Brokerage performance 2018 vs 2019
Anecdotal evidence suggests that the brokerage market is performing poorly, do the figures confirm this?
According to various market commentators the brokerage market, when compared to 2018, is performing poorly. In order to prove, or indeed disprove this hypothesis, The Superyacht Agency has crunched the numbers. According to the data, there have been nine fewer deliveries in 2019, from 1 January ending 31 May, when compared to the first five months of 2018. However, this does not necessarily tell the whole story.
In 2018, there had been 97 30m-plus units sold by the close of May, in 2019 this figure has fallen to 88, representing a 9.3 per cent decrease in activity. Additionally, April has proved to be the only month thus far in 2019 that has outperformed 2018 in terms of unitary sales, selling 17 vessels rather than 15.
The first two months of 2019 proved to be particularly poor comparatively. In January 2019 the total sales value of the sold fleet (€85,129,660) was 39 per cent less than that of 2018 (€138,961,110). In February 2018 there were 28 superyachts sold, whereas in February 2019 there was only 14 sales. The eight vessels decline in February alone nearly accounts for the total unitary sales decline in 2019 of nine, with the other vessel being accounted for by the January performance.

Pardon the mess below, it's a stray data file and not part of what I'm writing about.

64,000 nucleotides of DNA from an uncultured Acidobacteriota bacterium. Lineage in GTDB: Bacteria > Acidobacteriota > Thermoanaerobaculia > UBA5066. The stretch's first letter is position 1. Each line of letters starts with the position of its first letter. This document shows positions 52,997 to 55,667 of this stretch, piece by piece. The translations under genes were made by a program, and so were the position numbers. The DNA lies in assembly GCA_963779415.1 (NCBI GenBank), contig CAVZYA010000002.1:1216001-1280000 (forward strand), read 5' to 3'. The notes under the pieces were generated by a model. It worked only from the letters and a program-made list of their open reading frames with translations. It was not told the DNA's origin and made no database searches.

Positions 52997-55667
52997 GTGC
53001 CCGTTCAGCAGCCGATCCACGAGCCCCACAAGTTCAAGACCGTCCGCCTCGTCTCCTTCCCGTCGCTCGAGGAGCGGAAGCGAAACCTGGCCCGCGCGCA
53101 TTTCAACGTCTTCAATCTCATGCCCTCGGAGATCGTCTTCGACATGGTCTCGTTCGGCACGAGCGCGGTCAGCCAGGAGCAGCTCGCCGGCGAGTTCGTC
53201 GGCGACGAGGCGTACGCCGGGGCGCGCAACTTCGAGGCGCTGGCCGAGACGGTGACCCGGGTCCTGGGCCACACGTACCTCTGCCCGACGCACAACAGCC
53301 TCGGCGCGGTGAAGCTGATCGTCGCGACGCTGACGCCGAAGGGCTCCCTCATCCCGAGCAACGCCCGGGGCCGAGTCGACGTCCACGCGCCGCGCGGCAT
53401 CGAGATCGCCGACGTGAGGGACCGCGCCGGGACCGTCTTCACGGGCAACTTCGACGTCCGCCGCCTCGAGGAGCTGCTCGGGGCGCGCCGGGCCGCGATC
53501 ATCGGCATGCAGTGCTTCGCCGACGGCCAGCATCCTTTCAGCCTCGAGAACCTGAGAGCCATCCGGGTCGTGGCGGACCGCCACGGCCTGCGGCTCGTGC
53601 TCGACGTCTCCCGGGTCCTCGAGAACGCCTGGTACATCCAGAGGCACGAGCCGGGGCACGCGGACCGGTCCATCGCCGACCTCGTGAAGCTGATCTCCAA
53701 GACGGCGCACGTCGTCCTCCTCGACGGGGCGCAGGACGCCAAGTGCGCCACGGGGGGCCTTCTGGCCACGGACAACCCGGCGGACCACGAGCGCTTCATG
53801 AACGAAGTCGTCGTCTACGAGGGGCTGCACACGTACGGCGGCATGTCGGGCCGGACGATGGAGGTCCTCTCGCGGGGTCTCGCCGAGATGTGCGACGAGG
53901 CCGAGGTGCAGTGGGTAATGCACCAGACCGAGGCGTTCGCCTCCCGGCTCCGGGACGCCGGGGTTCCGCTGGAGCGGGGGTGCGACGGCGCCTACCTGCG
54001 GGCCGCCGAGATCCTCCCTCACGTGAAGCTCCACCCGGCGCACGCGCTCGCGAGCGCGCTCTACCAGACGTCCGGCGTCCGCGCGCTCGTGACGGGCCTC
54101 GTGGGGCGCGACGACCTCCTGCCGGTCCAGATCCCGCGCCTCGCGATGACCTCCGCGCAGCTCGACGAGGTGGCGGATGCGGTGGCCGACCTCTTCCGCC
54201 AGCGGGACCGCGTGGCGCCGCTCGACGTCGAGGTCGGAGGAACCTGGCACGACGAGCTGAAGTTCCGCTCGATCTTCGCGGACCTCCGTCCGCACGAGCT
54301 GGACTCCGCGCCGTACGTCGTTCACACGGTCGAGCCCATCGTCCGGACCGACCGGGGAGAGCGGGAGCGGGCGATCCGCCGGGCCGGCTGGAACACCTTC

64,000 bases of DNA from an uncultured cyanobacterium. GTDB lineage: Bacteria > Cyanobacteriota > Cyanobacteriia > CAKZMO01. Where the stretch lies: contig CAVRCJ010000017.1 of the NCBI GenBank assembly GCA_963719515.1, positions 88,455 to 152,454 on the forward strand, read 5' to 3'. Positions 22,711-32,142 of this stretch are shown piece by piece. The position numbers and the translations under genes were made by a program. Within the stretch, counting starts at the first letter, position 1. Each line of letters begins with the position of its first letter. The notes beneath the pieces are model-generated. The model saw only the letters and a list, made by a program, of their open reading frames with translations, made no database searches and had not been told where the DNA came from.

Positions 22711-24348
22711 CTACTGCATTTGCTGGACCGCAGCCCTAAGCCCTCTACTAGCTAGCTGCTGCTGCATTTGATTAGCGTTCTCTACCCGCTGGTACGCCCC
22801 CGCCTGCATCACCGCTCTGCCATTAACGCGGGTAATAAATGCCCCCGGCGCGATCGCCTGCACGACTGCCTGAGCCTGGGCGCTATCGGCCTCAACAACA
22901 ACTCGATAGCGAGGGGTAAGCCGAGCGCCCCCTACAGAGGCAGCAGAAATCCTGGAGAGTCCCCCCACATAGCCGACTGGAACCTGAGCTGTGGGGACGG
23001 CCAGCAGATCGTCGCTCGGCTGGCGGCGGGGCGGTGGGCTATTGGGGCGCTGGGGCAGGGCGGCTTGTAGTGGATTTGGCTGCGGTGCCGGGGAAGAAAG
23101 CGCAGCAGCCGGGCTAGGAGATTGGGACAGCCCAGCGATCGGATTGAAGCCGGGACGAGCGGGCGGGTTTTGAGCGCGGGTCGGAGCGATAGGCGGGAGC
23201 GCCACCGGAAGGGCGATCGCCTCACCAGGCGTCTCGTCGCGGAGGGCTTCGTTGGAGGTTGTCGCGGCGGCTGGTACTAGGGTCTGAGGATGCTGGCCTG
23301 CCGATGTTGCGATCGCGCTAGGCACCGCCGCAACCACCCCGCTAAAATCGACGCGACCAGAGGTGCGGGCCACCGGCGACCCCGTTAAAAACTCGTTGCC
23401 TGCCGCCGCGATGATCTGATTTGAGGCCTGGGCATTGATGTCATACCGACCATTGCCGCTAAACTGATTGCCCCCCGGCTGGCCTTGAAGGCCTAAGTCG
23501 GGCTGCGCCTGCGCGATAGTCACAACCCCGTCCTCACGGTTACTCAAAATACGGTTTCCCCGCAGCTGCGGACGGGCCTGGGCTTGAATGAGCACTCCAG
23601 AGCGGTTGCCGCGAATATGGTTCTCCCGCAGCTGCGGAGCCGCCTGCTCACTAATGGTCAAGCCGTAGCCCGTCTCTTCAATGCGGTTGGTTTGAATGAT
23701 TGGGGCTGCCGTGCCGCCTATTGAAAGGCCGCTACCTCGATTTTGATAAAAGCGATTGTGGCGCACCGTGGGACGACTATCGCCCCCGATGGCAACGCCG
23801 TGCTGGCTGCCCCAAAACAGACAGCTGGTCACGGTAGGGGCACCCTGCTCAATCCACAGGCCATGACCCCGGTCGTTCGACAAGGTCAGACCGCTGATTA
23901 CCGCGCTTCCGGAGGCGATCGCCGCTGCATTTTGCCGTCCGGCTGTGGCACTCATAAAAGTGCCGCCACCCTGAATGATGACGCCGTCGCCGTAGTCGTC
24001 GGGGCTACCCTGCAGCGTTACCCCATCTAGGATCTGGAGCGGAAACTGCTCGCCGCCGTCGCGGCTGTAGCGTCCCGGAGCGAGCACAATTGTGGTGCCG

However, as the year has progressed, there has been an equal amount of sales from March until the end of May with 60 units sold in both 2018 and 2019 across this period. By stark contrast, the total sales figures for 2019, in terms of monetary value, have far outstripped 2018. In 2019 so far, there has been €1,204,087,882 of sales, representing a 64 per cent increase in sales when compared against 2018’s €734,597,137. This vast increase in sales value is clearly highlighted in March, April and May.
That being said, this vast increase in sales value has much to do with the sale of four vessels in particular. Cloud 9, Equanimity, Excellence V and Areti were sold in 2019 with a combined value of €440,424,140. Interestingly, these four major sales have happened across a single brokerage houses, and one governmental body. As such, the positive impact of the sales has not been felt across the market. Cloud 9, Excellence V and Areti were all sold by Burgess, with Burgess also having a major hand in the sale of Equanimity by the Malaysian government.
In order to highlight the impact that the sales have had on the market’s overall statistics, an additional column has been added to the graph above that highlights what the market’s performance looks like without the Burgess and Frasers’ four major sales. This may go some way towards explaining why certain factions of the market feel as though the brokerage industry is performing poorly.
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